I am not referring to prejudice, favoritism, or predisposition. The bias I am talking about in this post is an orientation of fabric. You probably have had experience with fashion's use of bias. Although, you might not have noticed.
In fashion, bias is the diagonal of the fabric. If you have a square of fabric and turn it at a 45-degree angle, you will be looking at the bias direction or diagonal of the fabric.
Some garments are made from woven fabric that is cut along the bias. Why would someone cut a piece of fabric along its diagonal instead of the right angle? There are many reasons for this:
- Fabric has more stretch, more give along the bias.
- Fabric tends to be more pliable or moldable when it is cut along the bias.
- Fabric has more drape, or fluidity, when cut along the bias.
- Fabric cut along the bias often requires less added construction to fit the human form. This means you won't always need to add darts or yokes to make the garment more fitted.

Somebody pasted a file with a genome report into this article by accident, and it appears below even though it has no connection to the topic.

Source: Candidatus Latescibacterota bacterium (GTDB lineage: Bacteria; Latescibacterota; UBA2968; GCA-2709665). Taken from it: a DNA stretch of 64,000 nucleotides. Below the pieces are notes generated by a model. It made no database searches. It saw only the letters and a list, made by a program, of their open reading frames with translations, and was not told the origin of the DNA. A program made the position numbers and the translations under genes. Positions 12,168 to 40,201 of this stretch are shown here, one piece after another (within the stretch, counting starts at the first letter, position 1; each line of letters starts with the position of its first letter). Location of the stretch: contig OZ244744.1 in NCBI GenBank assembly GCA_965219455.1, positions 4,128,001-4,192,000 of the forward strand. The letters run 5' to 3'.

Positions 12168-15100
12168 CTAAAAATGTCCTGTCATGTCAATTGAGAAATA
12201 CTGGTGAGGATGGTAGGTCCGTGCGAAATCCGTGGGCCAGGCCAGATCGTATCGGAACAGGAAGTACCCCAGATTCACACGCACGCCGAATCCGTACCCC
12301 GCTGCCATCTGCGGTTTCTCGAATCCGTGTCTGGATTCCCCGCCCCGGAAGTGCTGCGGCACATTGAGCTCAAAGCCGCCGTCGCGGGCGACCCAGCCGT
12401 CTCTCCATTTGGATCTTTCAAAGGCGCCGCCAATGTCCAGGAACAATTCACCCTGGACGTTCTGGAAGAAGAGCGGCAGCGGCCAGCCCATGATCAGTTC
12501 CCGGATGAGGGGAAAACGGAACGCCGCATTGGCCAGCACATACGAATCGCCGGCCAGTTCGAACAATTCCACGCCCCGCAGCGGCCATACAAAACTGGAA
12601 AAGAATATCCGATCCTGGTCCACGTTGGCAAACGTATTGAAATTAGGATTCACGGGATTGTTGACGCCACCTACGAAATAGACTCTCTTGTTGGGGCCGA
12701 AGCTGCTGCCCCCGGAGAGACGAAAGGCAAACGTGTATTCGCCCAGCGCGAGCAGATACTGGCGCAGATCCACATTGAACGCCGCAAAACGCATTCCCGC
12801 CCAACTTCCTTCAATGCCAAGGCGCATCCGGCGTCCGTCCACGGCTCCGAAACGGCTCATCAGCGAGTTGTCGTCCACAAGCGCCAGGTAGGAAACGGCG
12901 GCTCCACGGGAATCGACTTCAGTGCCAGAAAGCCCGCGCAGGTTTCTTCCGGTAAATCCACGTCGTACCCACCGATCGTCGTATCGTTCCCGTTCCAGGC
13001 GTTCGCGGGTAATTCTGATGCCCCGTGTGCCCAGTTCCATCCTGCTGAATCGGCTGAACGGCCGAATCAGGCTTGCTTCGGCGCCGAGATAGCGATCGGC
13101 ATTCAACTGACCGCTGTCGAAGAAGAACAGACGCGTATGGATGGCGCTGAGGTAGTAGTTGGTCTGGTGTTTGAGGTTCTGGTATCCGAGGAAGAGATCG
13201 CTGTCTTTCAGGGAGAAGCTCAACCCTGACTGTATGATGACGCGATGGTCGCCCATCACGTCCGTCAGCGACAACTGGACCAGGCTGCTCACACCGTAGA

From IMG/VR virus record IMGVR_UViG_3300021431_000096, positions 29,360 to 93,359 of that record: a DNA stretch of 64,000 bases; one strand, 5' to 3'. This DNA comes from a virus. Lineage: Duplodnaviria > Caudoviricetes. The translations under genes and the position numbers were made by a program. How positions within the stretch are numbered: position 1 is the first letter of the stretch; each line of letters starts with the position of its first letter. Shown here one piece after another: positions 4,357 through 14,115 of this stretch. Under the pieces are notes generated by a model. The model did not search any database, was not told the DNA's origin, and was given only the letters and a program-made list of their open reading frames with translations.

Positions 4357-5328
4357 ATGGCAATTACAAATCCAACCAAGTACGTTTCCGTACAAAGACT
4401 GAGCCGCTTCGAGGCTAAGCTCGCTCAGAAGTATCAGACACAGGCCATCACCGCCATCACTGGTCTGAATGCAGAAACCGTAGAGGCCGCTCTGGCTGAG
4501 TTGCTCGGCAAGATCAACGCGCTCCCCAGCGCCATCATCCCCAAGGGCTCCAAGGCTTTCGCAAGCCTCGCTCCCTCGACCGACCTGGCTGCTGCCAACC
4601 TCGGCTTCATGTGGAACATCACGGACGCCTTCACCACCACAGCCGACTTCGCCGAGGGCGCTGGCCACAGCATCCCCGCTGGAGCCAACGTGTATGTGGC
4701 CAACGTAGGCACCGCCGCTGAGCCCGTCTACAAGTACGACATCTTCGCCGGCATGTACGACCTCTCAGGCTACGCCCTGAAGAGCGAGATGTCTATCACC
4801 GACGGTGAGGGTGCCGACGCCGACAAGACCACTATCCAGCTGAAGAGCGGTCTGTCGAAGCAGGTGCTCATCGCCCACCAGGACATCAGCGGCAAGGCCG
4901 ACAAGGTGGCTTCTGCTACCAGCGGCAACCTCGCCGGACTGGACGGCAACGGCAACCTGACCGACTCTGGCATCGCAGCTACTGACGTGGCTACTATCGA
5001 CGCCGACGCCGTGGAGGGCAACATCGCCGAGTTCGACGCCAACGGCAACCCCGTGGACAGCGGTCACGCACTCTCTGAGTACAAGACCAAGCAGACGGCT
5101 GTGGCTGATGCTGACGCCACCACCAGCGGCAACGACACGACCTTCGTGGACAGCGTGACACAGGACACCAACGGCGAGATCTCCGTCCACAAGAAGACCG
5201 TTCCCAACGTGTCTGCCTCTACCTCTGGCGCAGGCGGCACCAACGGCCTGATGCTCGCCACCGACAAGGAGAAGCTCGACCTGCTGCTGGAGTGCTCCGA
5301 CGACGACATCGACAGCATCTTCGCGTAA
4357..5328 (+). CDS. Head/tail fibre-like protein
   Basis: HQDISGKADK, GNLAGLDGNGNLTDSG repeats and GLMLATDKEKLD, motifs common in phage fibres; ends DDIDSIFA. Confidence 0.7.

One of the best attributes of bias cut fabric is the drape. I love seeing the fluid folds when a bias cut garment hangs. Those folds are so divine and beautiful to me.
While there are more details I can give you about bias, this post is just about giving you the basics. Hopefully, it will spark your interest to study fabric in greater detail.
Main Image Credit: By The original uploader was VAwebteam at English Wikipedia [GFDL (http://www.gnu.org/copyleft/fdl.html) or CC-BY-SA-3.0 (http://creativecommons.org/licenses/by-sa/3.0/)], via Wikimedia Commons